Mapping Ancient Earth

Ancient Earth, the the brainchild of Ian Webster, is an interactive tools that enables users to hone in on a specific location and visualize how it has evolved between the Cryogenian Period and the present

Users can input a specific address or more generalized region, such as a state or country, and then choose a date ranging from zero to 750 million years ago. Currently, the map offers 26 timeline options, traveling back from the present to the Cryogenian Period at intervals of 15 to 150 million years.

According to Gizmodo’s George Dvorsky, Ancient Earth includes an array of helpful navigational features, including toggle display options related to globe rotation, lighting and cloud coverage. Brief descriptions of chosen time periods pop up on the bottom left side of the screen, while a dropdown menu at the top right allows users to jump to specific milestones in history, from the arrival of Earth’s first multicellular organisms some 600 million years ago to early hominids’ relatively belated emergence around 20 million years ago.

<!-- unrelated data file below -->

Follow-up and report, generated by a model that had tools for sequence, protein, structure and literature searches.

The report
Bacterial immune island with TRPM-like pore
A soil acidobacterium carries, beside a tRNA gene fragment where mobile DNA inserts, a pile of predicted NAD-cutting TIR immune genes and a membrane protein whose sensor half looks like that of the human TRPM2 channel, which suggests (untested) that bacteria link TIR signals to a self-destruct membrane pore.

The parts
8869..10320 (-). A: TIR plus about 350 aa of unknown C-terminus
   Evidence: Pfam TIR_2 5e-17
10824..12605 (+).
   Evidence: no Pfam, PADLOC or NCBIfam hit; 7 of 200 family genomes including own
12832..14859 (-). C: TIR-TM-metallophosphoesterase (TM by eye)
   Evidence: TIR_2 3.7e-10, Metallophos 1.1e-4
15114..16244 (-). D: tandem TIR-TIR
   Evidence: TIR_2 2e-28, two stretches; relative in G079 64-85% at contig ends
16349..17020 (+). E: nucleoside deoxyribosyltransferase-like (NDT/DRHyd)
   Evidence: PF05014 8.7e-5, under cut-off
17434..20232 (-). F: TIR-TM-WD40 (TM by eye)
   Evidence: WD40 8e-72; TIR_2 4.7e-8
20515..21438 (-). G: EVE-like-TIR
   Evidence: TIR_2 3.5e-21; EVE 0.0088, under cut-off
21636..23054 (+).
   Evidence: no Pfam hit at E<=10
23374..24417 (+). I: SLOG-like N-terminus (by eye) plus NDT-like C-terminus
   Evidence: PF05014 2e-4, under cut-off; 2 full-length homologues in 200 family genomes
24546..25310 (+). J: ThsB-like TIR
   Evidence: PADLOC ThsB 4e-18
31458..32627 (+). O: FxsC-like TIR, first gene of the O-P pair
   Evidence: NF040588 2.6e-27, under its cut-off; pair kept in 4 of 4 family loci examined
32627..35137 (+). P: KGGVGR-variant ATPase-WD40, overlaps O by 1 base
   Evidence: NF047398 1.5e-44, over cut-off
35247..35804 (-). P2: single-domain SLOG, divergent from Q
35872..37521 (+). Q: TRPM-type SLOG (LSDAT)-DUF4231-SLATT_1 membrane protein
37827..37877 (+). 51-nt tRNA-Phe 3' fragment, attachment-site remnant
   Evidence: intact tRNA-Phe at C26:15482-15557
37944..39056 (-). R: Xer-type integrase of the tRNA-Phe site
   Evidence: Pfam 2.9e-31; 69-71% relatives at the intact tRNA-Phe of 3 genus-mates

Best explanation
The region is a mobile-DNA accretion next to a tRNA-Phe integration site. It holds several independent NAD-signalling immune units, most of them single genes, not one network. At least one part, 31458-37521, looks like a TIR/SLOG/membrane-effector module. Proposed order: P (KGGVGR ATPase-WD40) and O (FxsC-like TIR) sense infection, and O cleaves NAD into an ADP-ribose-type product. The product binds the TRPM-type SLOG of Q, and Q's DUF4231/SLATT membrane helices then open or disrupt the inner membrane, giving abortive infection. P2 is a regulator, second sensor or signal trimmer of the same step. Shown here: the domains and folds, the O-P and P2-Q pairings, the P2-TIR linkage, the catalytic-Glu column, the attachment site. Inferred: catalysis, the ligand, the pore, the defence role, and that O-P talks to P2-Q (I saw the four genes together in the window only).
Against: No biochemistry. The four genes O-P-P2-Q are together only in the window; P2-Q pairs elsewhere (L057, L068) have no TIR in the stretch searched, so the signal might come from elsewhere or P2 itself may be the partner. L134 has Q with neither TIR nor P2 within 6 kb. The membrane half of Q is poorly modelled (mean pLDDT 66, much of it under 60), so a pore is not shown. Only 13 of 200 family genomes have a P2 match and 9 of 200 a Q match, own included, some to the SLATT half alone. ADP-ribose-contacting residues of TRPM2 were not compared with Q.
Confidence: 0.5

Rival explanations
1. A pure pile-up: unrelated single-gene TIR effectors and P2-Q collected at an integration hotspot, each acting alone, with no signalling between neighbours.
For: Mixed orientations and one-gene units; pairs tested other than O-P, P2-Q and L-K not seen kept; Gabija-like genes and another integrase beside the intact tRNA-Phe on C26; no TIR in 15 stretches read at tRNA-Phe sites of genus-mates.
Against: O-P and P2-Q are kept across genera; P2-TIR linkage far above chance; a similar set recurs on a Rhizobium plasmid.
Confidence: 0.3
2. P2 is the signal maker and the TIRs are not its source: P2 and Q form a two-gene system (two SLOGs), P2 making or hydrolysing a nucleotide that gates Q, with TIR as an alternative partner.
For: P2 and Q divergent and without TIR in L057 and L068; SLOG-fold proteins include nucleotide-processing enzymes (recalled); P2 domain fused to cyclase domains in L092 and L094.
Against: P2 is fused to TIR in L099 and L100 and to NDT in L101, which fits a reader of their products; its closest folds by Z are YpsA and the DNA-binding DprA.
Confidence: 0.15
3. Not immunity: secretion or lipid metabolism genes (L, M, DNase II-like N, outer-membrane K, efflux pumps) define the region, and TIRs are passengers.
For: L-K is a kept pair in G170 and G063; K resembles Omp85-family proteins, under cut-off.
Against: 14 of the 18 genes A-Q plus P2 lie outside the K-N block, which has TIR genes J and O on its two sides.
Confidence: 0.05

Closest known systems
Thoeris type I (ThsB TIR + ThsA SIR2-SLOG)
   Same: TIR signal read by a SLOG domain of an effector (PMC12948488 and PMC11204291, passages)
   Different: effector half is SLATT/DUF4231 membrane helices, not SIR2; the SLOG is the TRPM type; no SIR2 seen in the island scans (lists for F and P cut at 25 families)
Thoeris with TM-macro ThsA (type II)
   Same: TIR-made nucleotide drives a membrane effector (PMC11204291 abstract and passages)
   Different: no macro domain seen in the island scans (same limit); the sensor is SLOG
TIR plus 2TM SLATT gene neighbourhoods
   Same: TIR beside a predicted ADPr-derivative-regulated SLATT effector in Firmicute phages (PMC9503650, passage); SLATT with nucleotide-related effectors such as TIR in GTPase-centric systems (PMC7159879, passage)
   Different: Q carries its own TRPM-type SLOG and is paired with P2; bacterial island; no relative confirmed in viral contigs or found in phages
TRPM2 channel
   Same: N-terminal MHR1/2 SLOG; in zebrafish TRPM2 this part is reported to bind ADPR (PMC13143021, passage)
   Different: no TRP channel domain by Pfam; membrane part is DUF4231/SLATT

To switch from one time period to another, you can either manually choose from a dropdown menu or use your keyboard’s left and right arrow keys. Start at the very beginning of the map’s timeline, Michele Debczak advises for Mental Floss, and you’ll see the planet evolve from “unrecognizable blobs of land” to the massive supercontinent of Pangea and, finally, the seven continents we inhabit today.

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